Although the city will appeal the decision through a higher administrative court, prospects of a ban are hardly any better with the first court. Meanwhile, all sides are preparing for a turbulent weekend. The justice minister of the State of Saxony has already assigned judges and prosecutors to be on call, and cells have been cleared in the Dresden prison -- making at least enough room for 80 arrests.

Translated from the German by Christopher Sultan


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theron 02/11/2010
1. Strange.....
Intersting that the State challenges the left's attempts to meet fascist violence with non-violence...then bans the fascist march in such a way as to promote violence. What IS the State's agenda? Salud.
symewinston 02/12/2010
2. Lest we forget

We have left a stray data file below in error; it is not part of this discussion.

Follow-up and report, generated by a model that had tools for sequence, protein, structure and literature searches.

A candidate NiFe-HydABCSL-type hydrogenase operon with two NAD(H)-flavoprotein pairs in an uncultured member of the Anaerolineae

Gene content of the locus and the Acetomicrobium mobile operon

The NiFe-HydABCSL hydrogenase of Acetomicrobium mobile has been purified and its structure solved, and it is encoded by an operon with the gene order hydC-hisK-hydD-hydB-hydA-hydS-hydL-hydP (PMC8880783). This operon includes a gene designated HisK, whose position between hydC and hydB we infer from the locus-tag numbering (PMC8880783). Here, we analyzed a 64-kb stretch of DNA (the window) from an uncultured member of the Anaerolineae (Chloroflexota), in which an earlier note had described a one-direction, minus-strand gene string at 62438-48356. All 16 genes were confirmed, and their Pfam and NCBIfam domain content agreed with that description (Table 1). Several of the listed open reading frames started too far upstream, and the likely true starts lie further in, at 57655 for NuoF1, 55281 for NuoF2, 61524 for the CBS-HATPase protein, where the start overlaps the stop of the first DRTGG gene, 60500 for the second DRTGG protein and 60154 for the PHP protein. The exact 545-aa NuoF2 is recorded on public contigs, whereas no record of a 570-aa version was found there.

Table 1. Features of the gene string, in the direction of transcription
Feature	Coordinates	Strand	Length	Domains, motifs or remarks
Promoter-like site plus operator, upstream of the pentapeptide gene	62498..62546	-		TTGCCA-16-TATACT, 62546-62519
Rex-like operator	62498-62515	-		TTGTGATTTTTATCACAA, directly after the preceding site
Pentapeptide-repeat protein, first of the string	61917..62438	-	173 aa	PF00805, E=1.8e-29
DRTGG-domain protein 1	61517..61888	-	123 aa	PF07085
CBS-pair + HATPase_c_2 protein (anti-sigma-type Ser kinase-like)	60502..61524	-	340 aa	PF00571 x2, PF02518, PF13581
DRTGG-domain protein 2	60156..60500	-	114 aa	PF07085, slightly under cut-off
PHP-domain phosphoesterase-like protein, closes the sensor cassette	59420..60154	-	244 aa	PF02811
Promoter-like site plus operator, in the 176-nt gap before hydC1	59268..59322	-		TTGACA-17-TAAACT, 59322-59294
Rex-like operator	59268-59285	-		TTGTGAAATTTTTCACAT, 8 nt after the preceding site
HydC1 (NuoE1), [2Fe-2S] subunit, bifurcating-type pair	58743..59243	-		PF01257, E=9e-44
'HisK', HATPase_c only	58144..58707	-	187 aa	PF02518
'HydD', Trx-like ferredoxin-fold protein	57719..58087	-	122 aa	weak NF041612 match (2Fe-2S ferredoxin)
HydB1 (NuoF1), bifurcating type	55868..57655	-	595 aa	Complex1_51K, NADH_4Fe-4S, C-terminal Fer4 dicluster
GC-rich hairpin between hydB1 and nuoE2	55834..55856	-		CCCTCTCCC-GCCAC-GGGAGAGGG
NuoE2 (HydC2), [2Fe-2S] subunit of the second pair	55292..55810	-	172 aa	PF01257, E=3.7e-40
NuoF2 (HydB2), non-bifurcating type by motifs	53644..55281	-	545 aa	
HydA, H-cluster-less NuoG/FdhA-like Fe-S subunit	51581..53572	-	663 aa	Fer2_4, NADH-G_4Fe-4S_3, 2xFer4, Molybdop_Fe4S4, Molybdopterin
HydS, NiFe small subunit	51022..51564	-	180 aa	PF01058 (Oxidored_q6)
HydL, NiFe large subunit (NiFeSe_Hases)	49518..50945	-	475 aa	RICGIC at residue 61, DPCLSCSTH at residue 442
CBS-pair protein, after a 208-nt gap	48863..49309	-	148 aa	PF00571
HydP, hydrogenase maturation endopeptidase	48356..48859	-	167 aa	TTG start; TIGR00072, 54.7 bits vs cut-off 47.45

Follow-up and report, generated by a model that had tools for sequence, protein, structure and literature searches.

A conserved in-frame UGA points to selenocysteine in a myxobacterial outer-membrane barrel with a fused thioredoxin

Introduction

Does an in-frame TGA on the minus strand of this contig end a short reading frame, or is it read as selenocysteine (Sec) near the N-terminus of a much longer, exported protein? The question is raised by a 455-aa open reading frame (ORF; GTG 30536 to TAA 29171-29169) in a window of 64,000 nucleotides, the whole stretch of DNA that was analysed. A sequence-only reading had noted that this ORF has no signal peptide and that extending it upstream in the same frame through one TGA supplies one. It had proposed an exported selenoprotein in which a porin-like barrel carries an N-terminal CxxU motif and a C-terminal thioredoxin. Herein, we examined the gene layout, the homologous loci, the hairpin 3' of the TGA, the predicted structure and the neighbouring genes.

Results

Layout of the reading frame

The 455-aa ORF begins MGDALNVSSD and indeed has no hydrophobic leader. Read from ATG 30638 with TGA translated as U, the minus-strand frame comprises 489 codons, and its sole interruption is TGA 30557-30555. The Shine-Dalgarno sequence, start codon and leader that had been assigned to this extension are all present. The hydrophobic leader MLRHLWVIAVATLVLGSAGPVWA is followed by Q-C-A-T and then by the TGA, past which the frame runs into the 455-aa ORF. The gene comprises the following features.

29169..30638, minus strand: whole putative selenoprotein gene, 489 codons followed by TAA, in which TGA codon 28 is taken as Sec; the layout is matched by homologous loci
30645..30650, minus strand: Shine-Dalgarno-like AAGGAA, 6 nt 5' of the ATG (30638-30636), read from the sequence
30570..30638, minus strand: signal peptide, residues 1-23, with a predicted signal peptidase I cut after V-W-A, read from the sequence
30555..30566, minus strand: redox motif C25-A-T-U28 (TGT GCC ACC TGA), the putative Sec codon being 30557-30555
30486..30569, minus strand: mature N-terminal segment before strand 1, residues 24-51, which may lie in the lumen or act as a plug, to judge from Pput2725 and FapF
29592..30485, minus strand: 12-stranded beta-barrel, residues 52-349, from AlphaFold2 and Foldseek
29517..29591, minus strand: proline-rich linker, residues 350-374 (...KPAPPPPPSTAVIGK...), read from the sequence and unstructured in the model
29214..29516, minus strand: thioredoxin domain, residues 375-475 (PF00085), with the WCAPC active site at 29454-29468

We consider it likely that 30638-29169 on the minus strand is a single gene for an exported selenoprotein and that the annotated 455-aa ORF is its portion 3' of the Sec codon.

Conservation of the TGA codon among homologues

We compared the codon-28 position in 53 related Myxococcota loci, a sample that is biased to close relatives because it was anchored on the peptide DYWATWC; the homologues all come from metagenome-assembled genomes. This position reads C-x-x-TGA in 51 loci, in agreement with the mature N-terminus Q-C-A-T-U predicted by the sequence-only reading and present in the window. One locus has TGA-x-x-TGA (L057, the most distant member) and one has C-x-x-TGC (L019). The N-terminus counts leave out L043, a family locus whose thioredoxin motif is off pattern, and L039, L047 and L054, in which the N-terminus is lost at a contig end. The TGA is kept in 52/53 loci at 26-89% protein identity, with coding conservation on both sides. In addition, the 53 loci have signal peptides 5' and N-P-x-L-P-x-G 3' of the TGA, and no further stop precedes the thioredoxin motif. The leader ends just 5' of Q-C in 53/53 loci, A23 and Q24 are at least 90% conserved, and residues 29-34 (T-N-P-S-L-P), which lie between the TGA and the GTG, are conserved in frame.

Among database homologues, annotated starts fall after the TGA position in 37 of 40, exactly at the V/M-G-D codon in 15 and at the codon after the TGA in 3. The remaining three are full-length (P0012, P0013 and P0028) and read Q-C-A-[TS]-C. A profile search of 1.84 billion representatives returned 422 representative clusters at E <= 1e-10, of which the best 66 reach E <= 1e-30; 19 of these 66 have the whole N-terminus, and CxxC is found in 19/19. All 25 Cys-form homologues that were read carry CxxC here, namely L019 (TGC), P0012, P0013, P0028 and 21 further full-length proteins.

On the night of February 13, 1945, 796 Lancaster bombers of the Royal Air Force took off from bases in England flew a zigzag course to Germany and unloaded 2600 tons of munitions over the city of Dresden. High explosives punched holes through rooftops, blew out windows and doors, and drilled craters into the streets, incendiaries then fell into the gaping wood-frame building, igniting thousands of blazes that spread along the through drafts from house to house, combining to create a fire storm that had the force of a hurricane. Thirteen square miles of the Altstadt—Dresden’s historic city centre, on the southern bank of the Elbe—were consumed. A second wave of bombers that night extended the destruction southward and eastward, killing thousands of people who had fled the fires. The next day, four hundred and thirty one American B-17 planes filled the sky and released seven hundred tons of bombs, over residential areas and tail yards. On the morning of the 15th of February, the emblematic feature of Dresden’s Baroque skyline, the three hundred foot, bell-shaped dome of the Frauenkirche—an eighteenth-century Protestant cathedral that had been inspired by Santa Maria della Salute, in Venice—collapsed from the 1500 degree heat in its sandstone girders. During the assault, between 25 000 and 40 000 thousand people in Dresden –many of them German refugees from the fighting in the eastern front, just over the border in Poland—were blown to pieces, immolated or asphyxiated. German authorities were so overwhelmed by the casualties that they hauled nearly 7000 corpses to the cobbled square of the city’s destroyed market place and burned them